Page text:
Each instance of a kernel is able to query its index, and then do different work and access different data based on that index. The index space defines the “parallel shape” of the work, but it is up to the kernel to decide how the abstract index will translate into data access and computation. For example, to add two arrays and place the sum in an a third output array, a kernel might access its global index, from this index compute an address in each of two input arrays, read from these arrays, perform the addition, compute the address of its result in an output array, and write the result.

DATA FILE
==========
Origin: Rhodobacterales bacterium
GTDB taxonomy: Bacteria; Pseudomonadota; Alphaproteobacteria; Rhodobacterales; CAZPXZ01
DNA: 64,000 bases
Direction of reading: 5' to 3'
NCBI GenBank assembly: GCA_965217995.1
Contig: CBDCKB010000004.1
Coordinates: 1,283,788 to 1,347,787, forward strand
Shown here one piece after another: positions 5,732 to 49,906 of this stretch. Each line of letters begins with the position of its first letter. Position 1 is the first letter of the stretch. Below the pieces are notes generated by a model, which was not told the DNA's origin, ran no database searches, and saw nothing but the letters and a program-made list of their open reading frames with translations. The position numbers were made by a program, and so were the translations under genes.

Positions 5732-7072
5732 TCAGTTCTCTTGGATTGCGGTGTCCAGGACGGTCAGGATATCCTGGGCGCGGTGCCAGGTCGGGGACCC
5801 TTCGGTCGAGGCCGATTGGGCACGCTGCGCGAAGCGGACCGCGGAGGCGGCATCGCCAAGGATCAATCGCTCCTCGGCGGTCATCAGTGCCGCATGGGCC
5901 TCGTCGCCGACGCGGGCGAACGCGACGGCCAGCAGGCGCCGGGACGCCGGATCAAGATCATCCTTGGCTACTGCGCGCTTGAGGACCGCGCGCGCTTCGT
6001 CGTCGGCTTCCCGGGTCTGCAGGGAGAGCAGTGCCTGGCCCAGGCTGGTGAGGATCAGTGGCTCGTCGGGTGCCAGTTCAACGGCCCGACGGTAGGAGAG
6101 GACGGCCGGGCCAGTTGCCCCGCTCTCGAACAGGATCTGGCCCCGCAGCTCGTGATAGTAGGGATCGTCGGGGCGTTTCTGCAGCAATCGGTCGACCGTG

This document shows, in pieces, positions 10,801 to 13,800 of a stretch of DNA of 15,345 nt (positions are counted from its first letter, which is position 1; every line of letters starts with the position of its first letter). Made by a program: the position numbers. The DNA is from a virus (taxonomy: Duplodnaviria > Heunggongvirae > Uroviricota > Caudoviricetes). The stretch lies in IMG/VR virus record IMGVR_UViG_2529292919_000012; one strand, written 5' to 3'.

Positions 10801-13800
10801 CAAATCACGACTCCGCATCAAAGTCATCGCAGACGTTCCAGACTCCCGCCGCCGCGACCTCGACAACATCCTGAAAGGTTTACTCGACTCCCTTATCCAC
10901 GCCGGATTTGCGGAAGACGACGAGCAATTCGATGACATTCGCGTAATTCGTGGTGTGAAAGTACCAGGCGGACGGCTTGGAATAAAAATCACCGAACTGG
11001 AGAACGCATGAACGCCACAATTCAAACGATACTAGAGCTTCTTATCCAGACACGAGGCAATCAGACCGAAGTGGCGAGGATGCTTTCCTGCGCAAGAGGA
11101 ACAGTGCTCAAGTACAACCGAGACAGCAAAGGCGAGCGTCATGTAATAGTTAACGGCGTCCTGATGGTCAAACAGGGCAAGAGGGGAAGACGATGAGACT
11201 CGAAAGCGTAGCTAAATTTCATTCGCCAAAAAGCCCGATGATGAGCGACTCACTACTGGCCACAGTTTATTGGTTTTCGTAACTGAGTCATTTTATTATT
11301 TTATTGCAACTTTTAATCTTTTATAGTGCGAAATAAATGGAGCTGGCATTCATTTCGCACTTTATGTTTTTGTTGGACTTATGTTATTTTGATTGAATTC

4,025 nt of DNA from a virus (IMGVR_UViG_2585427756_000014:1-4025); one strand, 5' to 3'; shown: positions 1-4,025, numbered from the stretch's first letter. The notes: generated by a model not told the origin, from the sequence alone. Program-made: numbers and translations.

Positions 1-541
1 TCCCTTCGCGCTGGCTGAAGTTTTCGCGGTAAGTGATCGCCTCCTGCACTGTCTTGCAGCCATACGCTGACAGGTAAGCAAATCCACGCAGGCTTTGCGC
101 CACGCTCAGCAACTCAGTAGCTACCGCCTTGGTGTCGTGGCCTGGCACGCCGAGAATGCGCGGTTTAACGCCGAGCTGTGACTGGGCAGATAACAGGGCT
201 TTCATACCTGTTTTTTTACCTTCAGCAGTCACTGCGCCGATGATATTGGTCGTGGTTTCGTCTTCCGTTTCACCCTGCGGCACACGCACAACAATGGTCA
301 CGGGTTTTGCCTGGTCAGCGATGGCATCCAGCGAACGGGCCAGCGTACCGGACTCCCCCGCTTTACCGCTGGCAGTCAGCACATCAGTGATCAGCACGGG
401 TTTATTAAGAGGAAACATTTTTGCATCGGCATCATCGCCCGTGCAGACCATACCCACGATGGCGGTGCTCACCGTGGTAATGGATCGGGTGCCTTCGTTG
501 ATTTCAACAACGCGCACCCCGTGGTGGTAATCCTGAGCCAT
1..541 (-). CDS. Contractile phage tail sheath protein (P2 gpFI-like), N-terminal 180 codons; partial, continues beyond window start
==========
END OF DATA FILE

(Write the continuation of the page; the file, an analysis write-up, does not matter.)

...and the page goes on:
A hierarchical memory model is also supported. In this model, the index space is divided into work groups. Each work-item in a work-group, in addition to accessing its own private memory, can share a local memory during the execution of the work-group. This can be used to support one additional level of hierarchical data parallelism, which is useful to capture data locality in applications such as video/image compression and matrix multiplication. However, different work-groups cannot communicate or synchronize with one another, although work items within a work-group can synchronize using barriers and communicate using local memory (if supported on a particular device). There is an extension for atomic memory operations but it is optional (for now).